“I will have to earn my spot back on Team USA and that won’t be an easy feat,” she said. “Even to get on the national triathlon team will be really difficult. The top five US women are the best in the world – Team USA is incredible on the triathlon side.”

“There will be a lot of challenges,” she continued. “Travel with two children. Balancing that will be something that will be ever changing. Once you have kids, you kind of have to go with the flow. We’re going to be learning every time we go to a race. It’s going to be a learning process. That is what is exciting for me – having the challenges and figuring them out.”

Role model

Originally Jorgensen had hoped to be able to just compete in the mixed relay in Paris, Once she realized she would have to do the individual race, too, she gradually became more excited about that component, too.

“In order to qualify I have to do the individual, but, for me, the motivation comes from the relay,” she said. “In my training I’ll focus on the shorter, faster, quick stuff. I want to show that I can be a force to help Team USA in the relay.”

She was reluctant to announce her return to the sport, but Lemieux pointed out that “when your name goes on a start list 34 days out, everyone is going to know anyway.”

“I have a lot of work to do,” she said. “I want to let my performance speak for itself. I want to prove to other moms and encourage them that they can come back to the sport. Having two kids, for me, it’s all about putting your best effort in. I can’t control what anyone else does. I know that I can show up on race day, ready to perform at my ability.”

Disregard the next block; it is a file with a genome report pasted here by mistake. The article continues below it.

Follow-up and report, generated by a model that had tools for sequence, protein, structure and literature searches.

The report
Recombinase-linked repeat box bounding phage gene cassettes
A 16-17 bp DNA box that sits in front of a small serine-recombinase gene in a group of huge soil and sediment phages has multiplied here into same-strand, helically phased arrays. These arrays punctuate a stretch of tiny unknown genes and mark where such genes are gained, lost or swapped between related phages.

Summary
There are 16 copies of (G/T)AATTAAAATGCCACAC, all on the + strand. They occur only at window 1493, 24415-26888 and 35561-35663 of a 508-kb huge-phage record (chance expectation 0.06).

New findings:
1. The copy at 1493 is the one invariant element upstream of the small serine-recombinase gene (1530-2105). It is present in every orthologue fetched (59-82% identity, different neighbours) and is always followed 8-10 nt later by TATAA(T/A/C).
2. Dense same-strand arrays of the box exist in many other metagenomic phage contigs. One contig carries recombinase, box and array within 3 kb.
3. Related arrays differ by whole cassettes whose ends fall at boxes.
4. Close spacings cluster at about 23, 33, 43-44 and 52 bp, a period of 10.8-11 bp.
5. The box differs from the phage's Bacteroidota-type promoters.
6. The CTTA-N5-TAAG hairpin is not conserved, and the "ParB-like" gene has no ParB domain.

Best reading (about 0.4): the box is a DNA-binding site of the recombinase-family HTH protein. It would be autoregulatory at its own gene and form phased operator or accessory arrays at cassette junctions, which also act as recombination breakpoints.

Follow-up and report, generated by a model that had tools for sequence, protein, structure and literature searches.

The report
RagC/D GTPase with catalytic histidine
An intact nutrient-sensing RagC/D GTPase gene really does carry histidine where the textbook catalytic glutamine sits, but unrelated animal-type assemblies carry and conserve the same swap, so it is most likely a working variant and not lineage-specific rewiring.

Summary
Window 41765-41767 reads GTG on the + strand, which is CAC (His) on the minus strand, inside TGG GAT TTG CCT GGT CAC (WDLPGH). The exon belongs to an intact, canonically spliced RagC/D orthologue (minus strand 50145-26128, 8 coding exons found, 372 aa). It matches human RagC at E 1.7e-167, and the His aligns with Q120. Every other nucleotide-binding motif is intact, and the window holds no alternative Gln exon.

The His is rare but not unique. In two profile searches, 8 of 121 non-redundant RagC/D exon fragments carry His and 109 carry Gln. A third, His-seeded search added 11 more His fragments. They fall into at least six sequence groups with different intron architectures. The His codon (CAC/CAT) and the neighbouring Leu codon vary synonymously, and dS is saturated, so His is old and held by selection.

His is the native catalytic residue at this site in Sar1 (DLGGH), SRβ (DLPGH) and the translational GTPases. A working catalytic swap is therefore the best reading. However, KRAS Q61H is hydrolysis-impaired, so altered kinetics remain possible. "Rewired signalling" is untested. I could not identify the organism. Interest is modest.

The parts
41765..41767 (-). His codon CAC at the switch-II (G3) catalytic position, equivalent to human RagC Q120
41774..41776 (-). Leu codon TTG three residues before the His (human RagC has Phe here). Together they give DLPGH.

Jorgensen is encouraged by some of the recent moves made in the sport to help mothers continue to race. (The Professional Triathletes Organisation has long had a maternity policy, while World Triathlon recently added one.)  For Jorgensen it’s important to make training and racing easier for both “moms and dads.”

She’s also keen to set a good example for her own children.

“The most important thing for me is for the kids see me follow something I love,” she said. “To try my best and to know that I prepared to the best of my ability to perform at the best of my ability. I want to show Stanley that you can’t control what other people do. Lessons like that. Determination. Perserverance. Things like that. This is not going to be easy. I don’t expect to go to the first race and hit it out of the park. I think him, being able to see me fail, and hopefully come back from that, those are the things I want him to see me experience as I work through this journey.”

Giving herself “permission”

Jorgensen feels that as an athlete you “get more out of yourself when you do something that more than just for you.” She acknowledged that after giving birth to Stanley, she struggled with “mom guilt” at times.

As a mom, even a female – a lot of times we’re more prone to having guilt about things, and that’s something that I prone to feel,” she said. “I had a hard time giving myself permission to go after goals. With Stanley we had no help – no care giver, no family, so pre-school. This time we’re giving ourselves permission to get help.”

Regardless of whether or not she makes it to the Paris Olympics, Jorgensen will certainly provide a much-needed role model that there’s no reason mothers can’t continue to strive for the top of the podium.